As noted above, they should end in CRLF, but you should handle LF correctly. G
The header name is not case-sensitive (though the value may be). G
Any number of spaces or tabs may be between the ":" and the value. G
Header lines beginning with space or tab are actually part of the previous header line, folded into
multiple lines for easy reading.
Thus, the following two headers are equivalent:
Header1: some-long-value-1a, some-long-value-1b
HEADER1: some-long-value-1a,
HTTP1.0 defines 16 headers, though none are required. HTTP1.1 defines 46 headers, and one (Host:)
is required in requests. For Net-politeness, consider including these headers in your requests:
The From: header gives the email address of whoever's making the request, or running the
program doing so. (This must be user-configurable, for privacy concerns.)
The User-Agent: header identifies the program that's making the request, in the form
"Program-name/x.xx", where x.xx is the (mostly) alphanumeric version of the program. For
example, Netscape 3.0 sends the header "User-agent:Mozilla/3.0Gold".
These headers help webmasters troubleshoot problems. They also reveal information about the user. When
you decide which headers to include, you must balance the webmasters' logging needs against your users'
needs for privacy.
If you're writing servers, consider including these headers in your responses:
The Server: header is analogous to the User-Agent: header: it identifies the server software
in the form "Program-name/x.xx". For example, one beta version of Apache's server returns
The Last-Modified: header gives the modification date of the resource that's being returned.
It's used in caching and other bandwidth-saving activities. Use Greenwich Mean Time, in the format
Last-Modified: Fri, 31 Dec 1999 23:59:59 GMT

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The Message Body
An HTTP message may have a body of data sent after the header lines. In a response, this is where the
requested resource is returned to the client (the most common use of the message body), or perhaps
explanatory text if there's an error. In a request, this is where user-entered data or uploaded files are sent to
the server.
If an HTTP message includes a body, there are usually header lines in the message that describe the body.
In particular,
The Content-Type: header gives the MIME-type of the data in the body, such as text/html
or image/gif.
The Content-Length: header gives the number of bytes in the body. G
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Sample HTTP Exchange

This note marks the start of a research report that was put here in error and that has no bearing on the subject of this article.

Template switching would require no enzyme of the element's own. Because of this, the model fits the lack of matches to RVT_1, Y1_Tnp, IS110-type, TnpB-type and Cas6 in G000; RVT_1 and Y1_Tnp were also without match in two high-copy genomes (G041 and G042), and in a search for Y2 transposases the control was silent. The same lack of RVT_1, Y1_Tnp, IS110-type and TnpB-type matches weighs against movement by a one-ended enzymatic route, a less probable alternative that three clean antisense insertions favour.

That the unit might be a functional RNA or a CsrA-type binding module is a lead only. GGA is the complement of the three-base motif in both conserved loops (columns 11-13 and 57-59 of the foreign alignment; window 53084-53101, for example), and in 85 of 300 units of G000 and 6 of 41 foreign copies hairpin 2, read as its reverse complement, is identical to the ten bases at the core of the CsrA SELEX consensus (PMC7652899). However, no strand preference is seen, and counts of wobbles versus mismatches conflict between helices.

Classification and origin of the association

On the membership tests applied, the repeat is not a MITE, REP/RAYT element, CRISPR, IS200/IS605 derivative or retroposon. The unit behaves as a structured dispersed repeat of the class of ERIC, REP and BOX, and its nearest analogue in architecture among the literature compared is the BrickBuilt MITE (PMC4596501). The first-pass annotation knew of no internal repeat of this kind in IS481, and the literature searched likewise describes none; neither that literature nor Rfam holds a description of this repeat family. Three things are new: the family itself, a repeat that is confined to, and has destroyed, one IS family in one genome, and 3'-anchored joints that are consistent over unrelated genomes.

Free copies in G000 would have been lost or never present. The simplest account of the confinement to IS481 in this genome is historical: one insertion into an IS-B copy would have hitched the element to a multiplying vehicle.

To retrieve the file at the URL
first open a socket to the host, port 80 (use the default port of 80 because none is
specified in the URL). Then, send something like the following through the socket:
GET /path/file.html HTTP/1.0
User-Agent: HTTPTool/1.0
[blank line here]
The server should respond with something like the following, sent back through the same socket:
HTTP/1.0 200 OK
Date: Fri, 31 Dec 1999 23:59:59 GMT
Content-Type: text/html
Content-Length: 1354
<h1>Happy New Millennium!</h1>
(more file contents)
After sending the response, the server closes the socket.
To familiarize yourself with requests and responses, manually experiment with HTTP using telnet.
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Other HTTP Methods, Like HEAD and POST
Besides GET, the two most commonly used methods are HEAD and POST.
The HEAD Method
A HEAD request is just like a GET request, except it asks the server to return the response headers only,
and not the actual resource (i.e. no message body). This is useful to check characteristics of a resource
without actually downloading it, thus saving bandwidth. Use HEAD when you don't actually need a file's
The response to a HEAD request must never contain a message body, just the status line and headers.
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The POST Method
A POST request is used to send data to the server to be processed in some way, like by a CGI script. A
POST request is different from a GET request in the following ways:
There's a block of data sent with the request, in the message body. There are usually extra headers
to describe this message body, like Content-Type: and Content-Length:.
The request URI is not a resource to retrieve; it's usually a program to handle the data you're
The HTTP response is normally program output, not a static file. G
The most common use of POST, by far, is to submit HTML form data to CGI scripts. In this case, the
Content-Type: header is usually application/x-www-form-urlencoded, and the